The latest Part of the Criminal Law Journal includes the following articles: “Ten years of public nuisance in Queensland” – Tamara Walsh; “An analysis of the courts’ assessment of problem gambling in sentencing” – Luke D Neal; and “Penalties and punishment: People smugglers before Australian courts” – Andreas Schloenhardt and Colin Craig. Also in this Part is an editorial on the current Australian position under McAuliffe v The Queen, contrasted with the recently revised approach in R v Jogee; Ruddock v The Queen  UKSC 8;  UKPC 7; Case and Comment: “Undoing a ‘wrong turn’: The implications of R v Jogee; Ruddock v The Queen for the doctrine of extended joint criminal enterprise in Australia” – Sarah Pitney; Book Review: “Road Safety Law Victoria” by Greg Connellan, Kerryn Cockroft and Kyle McDonald – reviewed by Paul Holdenson QC; and a Digest of Criminal Law Cases.
This Part of the Northern Territory Law Journal includes the following articles based on papers originally presented at the Criminal Lawyers Association of the Northern Territory (CLANT) Conference, “Victims of the System” in Bali (June 2013): “Unnecessary suffering: Violence against Aboriginal women in the Northern Territory – A discussion of contemporary issues and possible ways forward” – Justice Jenny Blokland; “Boat people as victims of the system: Mandatory sentencing of ‘people smugglers’ – Politics or justice?” – Dina Yehia SC; “Vulnerability, risk and justice for children and young people in the Northern Territory” – Howard Bath; as well as a look at 2015 legislative reforms to summary procedure in “Recent legislative reforms to summary procedure in the Northern Territory” – Leonique Swart.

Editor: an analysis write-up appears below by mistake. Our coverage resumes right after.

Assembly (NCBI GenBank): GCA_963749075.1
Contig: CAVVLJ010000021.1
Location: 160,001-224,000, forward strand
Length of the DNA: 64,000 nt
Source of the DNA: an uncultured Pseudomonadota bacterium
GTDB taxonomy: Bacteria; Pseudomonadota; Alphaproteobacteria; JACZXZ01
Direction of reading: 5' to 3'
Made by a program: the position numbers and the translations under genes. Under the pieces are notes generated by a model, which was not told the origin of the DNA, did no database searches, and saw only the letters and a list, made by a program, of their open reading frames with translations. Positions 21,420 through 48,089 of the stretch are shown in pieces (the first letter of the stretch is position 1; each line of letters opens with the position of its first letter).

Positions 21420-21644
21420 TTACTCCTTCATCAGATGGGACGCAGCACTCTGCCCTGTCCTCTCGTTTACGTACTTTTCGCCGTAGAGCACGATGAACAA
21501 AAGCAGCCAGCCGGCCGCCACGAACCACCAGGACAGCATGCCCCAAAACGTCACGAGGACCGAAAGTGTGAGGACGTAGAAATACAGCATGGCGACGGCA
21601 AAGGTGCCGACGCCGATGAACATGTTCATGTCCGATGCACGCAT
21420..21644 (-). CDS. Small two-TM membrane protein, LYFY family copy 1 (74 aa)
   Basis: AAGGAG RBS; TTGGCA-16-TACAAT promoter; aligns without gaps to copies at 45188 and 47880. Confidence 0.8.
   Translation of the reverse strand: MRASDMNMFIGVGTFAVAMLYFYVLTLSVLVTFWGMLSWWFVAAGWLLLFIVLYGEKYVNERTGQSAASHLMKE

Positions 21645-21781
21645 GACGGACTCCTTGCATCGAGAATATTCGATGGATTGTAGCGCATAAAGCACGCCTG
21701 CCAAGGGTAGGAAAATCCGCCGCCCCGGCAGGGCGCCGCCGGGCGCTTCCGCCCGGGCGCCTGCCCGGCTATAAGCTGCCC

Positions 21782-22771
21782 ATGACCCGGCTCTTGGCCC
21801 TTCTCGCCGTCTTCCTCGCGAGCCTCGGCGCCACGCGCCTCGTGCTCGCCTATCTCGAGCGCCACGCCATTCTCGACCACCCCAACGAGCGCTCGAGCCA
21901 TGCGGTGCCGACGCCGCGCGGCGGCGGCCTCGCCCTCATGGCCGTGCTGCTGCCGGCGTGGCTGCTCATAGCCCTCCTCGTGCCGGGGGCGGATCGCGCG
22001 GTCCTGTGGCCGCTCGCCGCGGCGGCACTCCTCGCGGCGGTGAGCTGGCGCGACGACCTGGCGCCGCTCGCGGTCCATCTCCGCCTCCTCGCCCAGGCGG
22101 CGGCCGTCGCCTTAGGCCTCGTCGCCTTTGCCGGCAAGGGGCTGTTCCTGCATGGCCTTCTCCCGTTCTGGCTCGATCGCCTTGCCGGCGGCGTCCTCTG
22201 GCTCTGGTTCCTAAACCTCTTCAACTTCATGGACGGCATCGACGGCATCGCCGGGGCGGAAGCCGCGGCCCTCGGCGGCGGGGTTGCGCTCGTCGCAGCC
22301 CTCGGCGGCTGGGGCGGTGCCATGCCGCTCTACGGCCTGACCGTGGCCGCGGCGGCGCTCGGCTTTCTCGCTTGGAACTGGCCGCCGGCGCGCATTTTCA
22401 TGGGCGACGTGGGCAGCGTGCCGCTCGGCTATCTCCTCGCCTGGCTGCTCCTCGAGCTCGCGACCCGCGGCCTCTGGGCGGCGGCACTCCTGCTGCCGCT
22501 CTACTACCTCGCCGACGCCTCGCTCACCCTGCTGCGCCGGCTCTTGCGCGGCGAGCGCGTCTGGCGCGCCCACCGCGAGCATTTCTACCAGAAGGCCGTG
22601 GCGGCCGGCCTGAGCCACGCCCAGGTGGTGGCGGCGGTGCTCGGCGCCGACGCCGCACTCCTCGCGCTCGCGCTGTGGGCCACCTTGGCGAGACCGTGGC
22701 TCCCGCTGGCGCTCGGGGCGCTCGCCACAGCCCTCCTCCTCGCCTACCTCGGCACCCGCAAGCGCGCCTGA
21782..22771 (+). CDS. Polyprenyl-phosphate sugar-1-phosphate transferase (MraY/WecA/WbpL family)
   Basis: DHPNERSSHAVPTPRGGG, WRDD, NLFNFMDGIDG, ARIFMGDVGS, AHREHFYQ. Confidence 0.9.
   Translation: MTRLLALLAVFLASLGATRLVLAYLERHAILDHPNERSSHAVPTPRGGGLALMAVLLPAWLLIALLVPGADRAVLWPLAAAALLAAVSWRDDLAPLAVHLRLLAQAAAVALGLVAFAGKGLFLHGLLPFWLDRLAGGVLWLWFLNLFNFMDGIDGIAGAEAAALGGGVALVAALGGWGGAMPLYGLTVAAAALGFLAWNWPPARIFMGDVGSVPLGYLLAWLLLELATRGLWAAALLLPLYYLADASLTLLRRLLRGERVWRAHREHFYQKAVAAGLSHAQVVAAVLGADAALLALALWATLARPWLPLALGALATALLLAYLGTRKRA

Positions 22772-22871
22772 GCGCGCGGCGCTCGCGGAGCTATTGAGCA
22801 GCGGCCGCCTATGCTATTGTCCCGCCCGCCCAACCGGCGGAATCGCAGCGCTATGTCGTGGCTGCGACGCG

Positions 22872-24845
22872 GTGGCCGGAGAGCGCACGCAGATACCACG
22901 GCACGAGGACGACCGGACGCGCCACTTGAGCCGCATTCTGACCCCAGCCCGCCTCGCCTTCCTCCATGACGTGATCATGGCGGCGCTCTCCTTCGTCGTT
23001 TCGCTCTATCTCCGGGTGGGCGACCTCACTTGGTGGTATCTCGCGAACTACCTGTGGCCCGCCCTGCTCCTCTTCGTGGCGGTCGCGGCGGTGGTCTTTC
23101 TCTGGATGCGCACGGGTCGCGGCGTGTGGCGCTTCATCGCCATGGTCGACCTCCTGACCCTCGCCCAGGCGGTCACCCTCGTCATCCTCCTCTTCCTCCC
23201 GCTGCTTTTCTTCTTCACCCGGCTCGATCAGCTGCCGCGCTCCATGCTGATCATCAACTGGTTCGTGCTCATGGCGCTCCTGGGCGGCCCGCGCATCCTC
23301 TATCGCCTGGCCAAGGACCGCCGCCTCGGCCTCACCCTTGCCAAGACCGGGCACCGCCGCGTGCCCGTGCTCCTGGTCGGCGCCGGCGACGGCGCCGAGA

Criminal law journal editorial: The rift between the judiciary and parliament over mandatory prison terms for people smugglers
THE RIFT BETWEEN THE JUDICIARY AND PARLIAMENT OVER MANDATORY PRISON TERMS FOR PEOPLE SMUGGLERS* by Mirko Bagaric In this age of increasingly populist sentencing, it is not uncommon for politicians to criticise judges for their sentencing decisions. Invariably, the claim is that judges are too soft – and often that they are out of touch ...more
The February issue of the Criminal Law Journal includes articles on international responses to infant abandonment, neonaticide and infanticide, the application of criminal defamation to inflammatory comments made on social networking sites and the possibility of racial discrimination for Indigenous people seeking bail. Also in this issue is an editorial on the rift between the judiciary and parliament over mandatory prison terms for people smugglers, a review of the High Court decisions in 2011 related to criminal matters and a Digest of Criminal Law Cases.